Crime in NYCHA

The Story

photo: Sean Rayford/ Getty Images

New York City’s public housing complexes are more dangerous now than they were a decade ago. In an effort to tackle rising crime at New York City Housing Authority properties, Mayor de Blasio last summer committed more than $210 million to an “Action Plan for Neighborhood Safety” at 15 of the city’s worst-affected projects. The data demonstrate that intensive policing coupled with simple solutions–such as better lighting–can help suppress violent crime. However, the city still has a long way to go toward making NYCHA safe.

The Facts You Need to Know

  1. Crime Spike: Major crime —shootings, murders, assaults, and robbery — in NYCHA projects spiked 31% between 2009 and 2013, growing ten times faster than total crime citywide. Read more.  

  2. Stubborn: While total crime is down 3.1% in the city as a whole this year, crime on NYCHA properties has remained steady. Read more

  3. Targeted Efforts: Major crime dropped 8% in the areas targeted by the mayor’s Action Plan, but went up 2% in the rest of the system over the last year.  Read the new report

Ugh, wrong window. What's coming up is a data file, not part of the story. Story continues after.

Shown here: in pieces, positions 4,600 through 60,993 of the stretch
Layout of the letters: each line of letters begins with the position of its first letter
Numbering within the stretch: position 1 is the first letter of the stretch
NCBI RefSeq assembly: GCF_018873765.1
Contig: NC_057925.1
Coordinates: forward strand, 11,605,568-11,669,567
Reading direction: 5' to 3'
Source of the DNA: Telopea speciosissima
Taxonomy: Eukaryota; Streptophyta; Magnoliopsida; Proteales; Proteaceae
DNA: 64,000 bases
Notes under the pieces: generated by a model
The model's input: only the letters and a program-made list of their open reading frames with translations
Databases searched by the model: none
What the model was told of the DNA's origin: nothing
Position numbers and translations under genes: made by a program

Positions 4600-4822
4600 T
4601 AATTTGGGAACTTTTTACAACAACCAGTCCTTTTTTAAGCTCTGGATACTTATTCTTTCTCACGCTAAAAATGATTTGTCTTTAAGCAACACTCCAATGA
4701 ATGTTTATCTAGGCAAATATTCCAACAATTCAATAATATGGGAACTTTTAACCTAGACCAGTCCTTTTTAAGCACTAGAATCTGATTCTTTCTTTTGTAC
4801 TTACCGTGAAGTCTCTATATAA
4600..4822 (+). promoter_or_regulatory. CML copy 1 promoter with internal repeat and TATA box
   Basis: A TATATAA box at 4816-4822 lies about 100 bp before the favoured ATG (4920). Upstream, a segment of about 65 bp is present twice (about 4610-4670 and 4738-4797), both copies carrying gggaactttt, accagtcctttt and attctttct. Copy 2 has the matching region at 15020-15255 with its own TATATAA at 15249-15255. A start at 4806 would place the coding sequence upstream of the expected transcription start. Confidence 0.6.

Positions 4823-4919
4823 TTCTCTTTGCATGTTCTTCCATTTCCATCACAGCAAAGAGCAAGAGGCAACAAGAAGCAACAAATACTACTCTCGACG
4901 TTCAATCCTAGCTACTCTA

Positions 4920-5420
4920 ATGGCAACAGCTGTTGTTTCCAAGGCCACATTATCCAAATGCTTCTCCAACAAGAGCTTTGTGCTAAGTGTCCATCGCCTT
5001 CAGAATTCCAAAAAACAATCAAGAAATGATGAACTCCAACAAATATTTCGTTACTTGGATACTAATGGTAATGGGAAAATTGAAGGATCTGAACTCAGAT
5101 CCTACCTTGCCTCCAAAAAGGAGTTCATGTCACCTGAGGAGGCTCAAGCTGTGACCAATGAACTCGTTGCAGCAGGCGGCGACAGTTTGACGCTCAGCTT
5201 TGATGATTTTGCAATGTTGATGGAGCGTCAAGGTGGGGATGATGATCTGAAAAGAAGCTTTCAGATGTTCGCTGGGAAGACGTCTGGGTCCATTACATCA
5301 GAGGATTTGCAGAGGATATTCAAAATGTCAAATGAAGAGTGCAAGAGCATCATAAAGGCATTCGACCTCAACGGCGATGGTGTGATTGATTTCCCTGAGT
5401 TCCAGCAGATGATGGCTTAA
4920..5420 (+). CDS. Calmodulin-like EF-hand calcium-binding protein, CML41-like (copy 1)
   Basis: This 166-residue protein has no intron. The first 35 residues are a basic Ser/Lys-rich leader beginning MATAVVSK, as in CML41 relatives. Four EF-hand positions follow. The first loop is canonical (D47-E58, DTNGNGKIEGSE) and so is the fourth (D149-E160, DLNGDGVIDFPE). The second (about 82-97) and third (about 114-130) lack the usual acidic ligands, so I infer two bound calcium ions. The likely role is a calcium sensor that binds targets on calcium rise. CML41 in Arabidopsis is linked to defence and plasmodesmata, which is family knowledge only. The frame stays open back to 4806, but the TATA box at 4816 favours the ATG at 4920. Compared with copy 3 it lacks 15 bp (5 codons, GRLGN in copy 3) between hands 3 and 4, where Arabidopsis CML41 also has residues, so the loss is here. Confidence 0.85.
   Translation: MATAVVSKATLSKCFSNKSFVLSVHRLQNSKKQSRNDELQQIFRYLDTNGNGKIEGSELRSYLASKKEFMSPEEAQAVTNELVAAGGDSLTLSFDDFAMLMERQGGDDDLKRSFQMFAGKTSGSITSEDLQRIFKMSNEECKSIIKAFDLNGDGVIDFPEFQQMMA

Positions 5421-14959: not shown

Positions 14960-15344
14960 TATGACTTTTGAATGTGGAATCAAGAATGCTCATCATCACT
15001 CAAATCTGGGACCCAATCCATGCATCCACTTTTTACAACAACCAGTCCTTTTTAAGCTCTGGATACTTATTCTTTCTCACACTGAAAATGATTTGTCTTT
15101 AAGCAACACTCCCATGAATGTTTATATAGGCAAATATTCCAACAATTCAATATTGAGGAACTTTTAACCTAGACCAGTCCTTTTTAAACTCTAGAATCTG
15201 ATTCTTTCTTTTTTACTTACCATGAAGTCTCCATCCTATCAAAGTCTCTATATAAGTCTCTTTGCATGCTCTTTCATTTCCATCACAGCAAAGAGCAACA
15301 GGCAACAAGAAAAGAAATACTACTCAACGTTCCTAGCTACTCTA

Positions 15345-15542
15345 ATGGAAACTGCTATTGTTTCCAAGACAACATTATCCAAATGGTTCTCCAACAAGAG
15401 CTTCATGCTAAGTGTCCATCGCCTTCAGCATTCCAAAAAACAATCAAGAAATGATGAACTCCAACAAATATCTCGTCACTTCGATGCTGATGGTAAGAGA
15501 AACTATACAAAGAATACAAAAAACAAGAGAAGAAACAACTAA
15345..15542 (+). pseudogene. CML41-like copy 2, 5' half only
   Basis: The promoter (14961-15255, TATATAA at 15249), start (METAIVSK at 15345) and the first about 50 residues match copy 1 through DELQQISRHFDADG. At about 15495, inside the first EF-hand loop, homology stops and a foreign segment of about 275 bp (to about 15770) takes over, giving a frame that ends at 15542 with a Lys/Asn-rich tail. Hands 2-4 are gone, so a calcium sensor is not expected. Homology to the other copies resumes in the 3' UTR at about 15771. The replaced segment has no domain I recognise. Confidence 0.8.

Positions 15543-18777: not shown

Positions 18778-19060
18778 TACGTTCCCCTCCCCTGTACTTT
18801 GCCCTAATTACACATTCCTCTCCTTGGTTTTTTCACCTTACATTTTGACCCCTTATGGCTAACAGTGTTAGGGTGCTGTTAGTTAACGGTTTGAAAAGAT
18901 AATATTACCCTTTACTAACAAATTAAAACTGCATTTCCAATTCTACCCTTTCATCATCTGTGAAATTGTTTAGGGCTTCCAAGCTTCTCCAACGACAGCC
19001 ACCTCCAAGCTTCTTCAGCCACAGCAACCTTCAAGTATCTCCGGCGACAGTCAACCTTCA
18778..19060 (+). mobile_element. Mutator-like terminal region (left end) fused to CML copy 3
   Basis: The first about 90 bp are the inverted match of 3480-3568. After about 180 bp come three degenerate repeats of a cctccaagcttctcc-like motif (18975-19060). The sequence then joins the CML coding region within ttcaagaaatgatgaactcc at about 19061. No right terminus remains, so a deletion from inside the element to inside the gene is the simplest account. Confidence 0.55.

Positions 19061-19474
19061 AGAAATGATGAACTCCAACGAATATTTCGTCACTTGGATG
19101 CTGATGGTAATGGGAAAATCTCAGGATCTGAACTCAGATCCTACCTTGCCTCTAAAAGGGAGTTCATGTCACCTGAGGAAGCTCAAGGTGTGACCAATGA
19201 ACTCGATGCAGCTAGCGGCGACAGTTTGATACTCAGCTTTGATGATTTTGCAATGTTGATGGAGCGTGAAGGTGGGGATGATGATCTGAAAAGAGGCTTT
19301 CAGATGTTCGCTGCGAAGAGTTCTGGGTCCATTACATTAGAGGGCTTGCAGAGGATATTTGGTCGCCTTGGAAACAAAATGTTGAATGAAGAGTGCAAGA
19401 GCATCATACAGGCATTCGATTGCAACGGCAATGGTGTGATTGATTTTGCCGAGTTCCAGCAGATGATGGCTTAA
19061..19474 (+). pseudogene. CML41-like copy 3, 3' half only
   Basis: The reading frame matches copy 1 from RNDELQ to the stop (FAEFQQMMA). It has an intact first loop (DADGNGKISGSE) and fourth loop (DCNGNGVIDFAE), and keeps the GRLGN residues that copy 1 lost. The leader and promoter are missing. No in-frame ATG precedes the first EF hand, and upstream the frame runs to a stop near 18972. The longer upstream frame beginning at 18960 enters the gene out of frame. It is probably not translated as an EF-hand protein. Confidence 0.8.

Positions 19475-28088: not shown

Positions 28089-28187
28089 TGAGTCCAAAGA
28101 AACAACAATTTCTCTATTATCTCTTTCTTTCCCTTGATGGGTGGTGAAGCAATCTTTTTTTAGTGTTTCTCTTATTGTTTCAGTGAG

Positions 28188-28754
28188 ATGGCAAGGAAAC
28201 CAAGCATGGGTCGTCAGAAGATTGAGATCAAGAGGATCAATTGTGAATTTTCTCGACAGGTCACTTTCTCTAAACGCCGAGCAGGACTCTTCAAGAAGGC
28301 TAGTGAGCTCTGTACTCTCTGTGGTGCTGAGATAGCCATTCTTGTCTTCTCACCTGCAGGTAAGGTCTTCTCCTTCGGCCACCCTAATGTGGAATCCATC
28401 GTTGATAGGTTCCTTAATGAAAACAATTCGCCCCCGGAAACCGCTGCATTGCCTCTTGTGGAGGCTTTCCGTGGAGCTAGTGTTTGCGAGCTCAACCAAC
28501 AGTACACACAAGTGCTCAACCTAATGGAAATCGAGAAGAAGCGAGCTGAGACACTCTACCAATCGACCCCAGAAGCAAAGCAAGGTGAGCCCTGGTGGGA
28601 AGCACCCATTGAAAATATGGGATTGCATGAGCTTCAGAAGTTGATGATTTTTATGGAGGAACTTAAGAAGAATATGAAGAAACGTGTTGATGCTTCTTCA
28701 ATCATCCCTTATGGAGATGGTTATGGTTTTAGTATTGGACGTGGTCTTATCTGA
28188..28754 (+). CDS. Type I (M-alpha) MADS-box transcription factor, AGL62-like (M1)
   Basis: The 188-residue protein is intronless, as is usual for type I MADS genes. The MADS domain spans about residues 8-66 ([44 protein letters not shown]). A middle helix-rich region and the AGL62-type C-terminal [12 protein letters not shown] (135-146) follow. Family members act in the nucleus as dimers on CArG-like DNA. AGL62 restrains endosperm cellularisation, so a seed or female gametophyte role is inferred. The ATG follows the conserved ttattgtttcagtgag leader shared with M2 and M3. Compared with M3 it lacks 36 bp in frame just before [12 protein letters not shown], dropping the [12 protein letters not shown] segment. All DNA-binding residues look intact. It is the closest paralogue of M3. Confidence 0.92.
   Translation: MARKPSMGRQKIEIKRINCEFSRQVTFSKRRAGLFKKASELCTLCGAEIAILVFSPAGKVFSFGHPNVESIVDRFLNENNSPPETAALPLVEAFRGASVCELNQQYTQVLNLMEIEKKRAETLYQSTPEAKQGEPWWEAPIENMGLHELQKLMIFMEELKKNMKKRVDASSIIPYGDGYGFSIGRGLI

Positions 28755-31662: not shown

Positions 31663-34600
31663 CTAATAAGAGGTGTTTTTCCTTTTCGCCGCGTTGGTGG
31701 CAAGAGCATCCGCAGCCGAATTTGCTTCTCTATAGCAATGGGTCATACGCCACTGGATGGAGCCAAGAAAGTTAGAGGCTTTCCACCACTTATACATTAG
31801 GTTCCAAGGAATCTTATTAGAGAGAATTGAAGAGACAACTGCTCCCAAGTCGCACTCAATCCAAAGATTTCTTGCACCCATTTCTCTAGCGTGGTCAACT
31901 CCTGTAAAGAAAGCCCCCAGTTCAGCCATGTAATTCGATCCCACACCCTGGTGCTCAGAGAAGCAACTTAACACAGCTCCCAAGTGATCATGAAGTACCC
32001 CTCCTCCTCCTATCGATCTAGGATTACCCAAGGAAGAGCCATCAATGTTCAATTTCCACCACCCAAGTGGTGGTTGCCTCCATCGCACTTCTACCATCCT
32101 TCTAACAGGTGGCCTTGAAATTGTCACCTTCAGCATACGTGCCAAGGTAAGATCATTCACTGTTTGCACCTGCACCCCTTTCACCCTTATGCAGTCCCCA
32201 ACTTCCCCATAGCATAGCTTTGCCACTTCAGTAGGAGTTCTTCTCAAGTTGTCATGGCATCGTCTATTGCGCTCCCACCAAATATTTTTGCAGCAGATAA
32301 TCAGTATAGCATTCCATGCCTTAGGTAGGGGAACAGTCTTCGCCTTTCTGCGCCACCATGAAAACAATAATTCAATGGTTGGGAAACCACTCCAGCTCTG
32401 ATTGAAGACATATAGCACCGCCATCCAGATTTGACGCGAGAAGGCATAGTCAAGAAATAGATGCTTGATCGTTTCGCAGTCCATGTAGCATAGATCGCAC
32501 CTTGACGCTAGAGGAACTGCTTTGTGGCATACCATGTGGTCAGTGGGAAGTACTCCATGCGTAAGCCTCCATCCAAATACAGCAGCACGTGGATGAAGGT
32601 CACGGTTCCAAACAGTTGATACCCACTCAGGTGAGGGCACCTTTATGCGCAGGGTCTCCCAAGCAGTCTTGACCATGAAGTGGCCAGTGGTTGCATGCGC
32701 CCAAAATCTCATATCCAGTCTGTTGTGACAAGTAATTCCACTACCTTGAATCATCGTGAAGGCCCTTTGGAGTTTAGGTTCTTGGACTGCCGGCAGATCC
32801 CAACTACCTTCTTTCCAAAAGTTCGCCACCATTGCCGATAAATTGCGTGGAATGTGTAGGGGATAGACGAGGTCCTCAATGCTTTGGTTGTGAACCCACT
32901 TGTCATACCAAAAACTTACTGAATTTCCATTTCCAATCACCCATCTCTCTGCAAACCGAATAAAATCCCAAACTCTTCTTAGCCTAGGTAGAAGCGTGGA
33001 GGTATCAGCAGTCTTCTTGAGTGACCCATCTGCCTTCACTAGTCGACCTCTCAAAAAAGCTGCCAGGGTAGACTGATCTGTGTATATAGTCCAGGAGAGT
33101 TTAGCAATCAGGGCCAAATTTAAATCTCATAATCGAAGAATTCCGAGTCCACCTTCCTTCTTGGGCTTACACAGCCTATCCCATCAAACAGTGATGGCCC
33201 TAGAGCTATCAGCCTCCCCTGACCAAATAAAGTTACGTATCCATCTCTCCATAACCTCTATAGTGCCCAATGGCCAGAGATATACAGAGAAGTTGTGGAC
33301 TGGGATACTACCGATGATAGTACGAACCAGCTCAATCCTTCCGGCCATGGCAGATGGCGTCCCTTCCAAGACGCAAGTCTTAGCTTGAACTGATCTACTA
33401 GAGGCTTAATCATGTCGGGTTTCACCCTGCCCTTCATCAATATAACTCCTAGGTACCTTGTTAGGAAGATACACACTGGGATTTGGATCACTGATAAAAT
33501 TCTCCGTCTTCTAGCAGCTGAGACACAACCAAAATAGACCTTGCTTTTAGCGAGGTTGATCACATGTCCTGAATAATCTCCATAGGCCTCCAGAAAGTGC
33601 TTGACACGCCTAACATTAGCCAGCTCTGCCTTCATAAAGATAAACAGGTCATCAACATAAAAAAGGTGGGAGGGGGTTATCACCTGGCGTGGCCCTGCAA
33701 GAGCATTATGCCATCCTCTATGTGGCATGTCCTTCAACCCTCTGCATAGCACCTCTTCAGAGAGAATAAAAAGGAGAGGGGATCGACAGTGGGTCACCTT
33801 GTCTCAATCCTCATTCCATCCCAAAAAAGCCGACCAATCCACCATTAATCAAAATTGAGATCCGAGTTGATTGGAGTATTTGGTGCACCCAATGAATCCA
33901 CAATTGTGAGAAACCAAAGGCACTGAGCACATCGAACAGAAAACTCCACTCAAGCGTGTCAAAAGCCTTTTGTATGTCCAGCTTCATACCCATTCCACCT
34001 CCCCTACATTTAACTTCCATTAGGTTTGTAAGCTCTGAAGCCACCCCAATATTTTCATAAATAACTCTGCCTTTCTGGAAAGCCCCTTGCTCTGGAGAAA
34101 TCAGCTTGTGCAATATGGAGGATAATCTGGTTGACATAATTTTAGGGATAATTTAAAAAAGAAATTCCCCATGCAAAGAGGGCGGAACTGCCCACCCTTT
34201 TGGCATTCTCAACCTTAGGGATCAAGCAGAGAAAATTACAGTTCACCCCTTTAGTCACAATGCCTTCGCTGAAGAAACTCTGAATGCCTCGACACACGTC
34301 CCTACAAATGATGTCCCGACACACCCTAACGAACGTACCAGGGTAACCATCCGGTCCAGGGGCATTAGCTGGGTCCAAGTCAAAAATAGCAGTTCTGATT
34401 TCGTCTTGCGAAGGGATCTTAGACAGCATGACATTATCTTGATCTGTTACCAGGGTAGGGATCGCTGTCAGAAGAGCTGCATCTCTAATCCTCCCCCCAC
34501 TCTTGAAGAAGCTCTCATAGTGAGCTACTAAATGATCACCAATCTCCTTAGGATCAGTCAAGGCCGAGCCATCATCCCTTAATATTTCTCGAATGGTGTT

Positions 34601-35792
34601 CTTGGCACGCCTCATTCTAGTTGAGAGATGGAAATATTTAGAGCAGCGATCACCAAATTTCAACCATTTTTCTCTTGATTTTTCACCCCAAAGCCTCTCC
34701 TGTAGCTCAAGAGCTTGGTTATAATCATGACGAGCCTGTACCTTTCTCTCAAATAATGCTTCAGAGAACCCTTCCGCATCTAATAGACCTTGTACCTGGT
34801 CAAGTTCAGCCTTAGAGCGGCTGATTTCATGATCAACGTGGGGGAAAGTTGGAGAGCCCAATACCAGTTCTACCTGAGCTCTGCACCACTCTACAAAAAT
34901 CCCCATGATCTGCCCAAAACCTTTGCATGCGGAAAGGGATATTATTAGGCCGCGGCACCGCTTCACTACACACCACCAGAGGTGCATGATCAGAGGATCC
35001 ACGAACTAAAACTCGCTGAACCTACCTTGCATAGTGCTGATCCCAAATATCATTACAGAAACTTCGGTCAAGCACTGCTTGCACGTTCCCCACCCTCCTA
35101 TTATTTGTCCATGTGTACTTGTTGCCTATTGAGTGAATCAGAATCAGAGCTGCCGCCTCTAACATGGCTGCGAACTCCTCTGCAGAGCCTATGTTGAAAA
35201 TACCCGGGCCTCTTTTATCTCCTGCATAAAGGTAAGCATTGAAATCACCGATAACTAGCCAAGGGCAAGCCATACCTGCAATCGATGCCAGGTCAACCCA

Exclusive Release

Today’s Beat features our first ever exclusive release of a Manhattan Institute report. “Poverty and Progress VI” takes a look at crime trends in public housing with a focus on the 15 housing projects targeted by the Mayor’s Action Plan for Neighborhood Safety. Read the full report here and look out for more Beat Exclusives.

“Any resident of a public housing development that worries about a violent criminal in their midst, they’re right. Violent criminals shouldn’t be there. We’re going to use every power we have to exclude them.”

Mayor de Blasio

Twitter Take

The Past is Present

The Legal Aid Follies By Sol Stern (Autumn 1995)

New York’s Legal Aid Society keeps championing the disorderly poor at the expense of their law-abiding neighbors.

On The Calendar

November 19

November 19, 2015 | New York City

The Beat is hosting its first panel discussion! Join us, Commissioner Bratton, Phil Walzak, Fred Siegel, and Jason Riley for a conversation about quality of life in the city. NY1 Anchor Errol Louis will moderate and you can watch the livestream by following @TheBeatMI on Twitter. Tweet your questions to #QOLWeek.